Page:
Thunder Road SpeedBowl
American-Canadian Tour (ACT) officials have announced the penalties assessed following the disqualification of Street Stock driver Geoff Forsey from Sunday’s M&M Beverage Street Stock Special at Thunder Road Int’l Speedbowl, Barre, VT. Forsey, from Westford, VT, was disqualified and will lose all points and purse monies from the event as well as all weekly points accumulated thus far. He has also been suspended for the remainder of the 2006 race season.

Forsey’s was one of ten Street Stock engines pulled and inspected at the conclusion of the division’s annual special race. He refused to abide by the ACT technical inspection guidelines of forfeiting illegal parts and that played a role in the severity of the penalty that was imposed. He had finished the race in fourth place. Joel Hodgdon from Craftsbury, VT inherited the position.

The high-banked, quarter-mile track’s season continues on Thursday (August 3) with the Calkins/Windshield World Trophy Dash which will feature the annual Port-A-Potty Grand Prix for the point leaders of the track’s four divisions. Each team will power a self designed and constructed “Out House” in a race during intermission.
The Late Models, NAPA Sportsmen, Allen Lumber Street Stocks and PowerShift Warriors will also be in action. Post time is 7:00 pm. Spectator gates will open at 5:00 pm.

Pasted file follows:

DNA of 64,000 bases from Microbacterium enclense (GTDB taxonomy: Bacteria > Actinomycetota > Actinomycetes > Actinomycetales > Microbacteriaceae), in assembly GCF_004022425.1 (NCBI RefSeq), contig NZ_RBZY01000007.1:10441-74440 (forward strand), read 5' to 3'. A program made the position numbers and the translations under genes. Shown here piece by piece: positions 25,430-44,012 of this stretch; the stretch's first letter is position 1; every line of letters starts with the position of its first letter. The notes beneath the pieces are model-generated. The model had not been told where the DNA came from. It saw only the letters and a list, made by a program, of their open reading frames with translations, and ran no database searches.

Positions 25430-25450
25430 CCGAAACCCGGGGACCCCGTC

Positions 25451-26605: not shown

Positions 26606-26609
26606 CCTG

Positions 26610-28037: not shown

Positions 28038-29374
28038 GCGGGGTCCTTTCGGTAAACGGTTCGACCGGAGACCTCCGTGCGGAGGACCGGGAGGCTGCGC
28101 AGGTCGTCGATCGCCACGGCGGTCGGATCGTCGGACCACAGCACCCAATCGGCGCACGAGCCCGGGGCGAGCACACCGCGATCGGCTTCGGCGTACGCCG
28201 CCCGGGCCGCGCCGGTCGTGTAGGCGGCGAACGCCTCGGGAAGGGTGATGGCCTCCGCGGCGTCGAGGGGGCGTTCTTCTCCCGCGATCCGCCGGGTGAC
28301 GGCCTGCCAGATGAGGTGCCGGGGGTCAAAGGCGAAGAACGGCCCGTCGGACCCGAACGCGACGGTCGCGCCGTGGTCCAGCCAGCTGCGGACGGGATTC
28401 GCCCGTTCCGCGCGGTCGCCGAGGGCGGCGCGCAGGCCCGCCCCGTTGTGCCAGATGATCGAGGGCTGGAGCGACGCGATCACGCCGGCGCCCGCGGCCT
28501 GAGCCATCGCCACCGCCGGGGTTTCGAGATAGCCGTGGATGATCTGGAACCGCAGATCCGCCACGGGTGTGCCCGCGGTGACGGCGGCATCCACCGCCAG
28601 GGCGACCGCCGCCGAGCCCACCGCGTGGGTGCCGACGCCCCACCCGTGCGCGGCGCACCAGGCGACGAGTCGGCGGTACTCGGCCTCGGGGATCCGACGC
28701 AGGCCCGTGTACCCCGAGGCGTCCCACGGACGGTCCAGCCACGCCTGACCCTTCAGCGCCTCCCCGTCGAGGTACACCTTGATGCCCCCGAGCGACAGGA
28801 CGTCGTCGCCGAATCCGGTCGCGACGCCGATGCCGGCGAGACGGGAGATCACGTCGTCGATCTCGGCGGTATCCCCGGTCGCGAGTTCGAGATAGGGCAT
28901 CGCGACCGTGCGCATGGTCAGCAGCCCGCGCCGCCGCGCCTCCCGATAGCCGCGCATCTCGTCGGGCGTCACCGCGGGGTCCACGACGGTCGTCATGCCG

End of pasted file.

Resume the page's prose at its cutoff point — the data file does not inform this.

Thunder Road Speedbowl in Barre has announced the return of Run What-U-Brung to the high banked oval on Thursday, August 10th as part of the annual NAPA/Make-A-Wish event. What is Run What-U-Brung you might ask? It’s when street cars, which take race fans to the ¼ mile oval, compete two-by-two in a single elimination races. The winner advances to the next round while the loser leaves town.

Tad Kingsbury of West Topsham, VT was victorious in the 22nd running of the M&M Beverage Enduro at Barre’s Thunder Road Speedbowl. The Sunday (July 30th) “People’s Race” included entries from Vermont, New Hampshire and New York. A field of 104 cars took the green flag three-wide around the ¼ mile asphalt oval. The 200 lap endurance race required drivers to be consistent, as skill, not speed, was the key to success. The one day heroes were forced to avoid competitors whose car had either expired or crashed on the speedplant as the event does not pause for cautions.

The annual event was the second “People’s Race” for nineteen-year-old fan turned racer. Sunday, Kingsbury was battling 103 other drivers and a horrendous summertime cold which consisted of a cough that would not cease during the victory lane ceremony. His illness forced him to reconsider participating in the event however, due to his success in the first attempt he and his pit crew, parents Mark and Sharon, decided it was worth attending. Kingsbury led most of the 2005 event and was taken out of contention by a slower car. He finished the event in the fifth position gaining knowledge that proved to be useful en route to the win.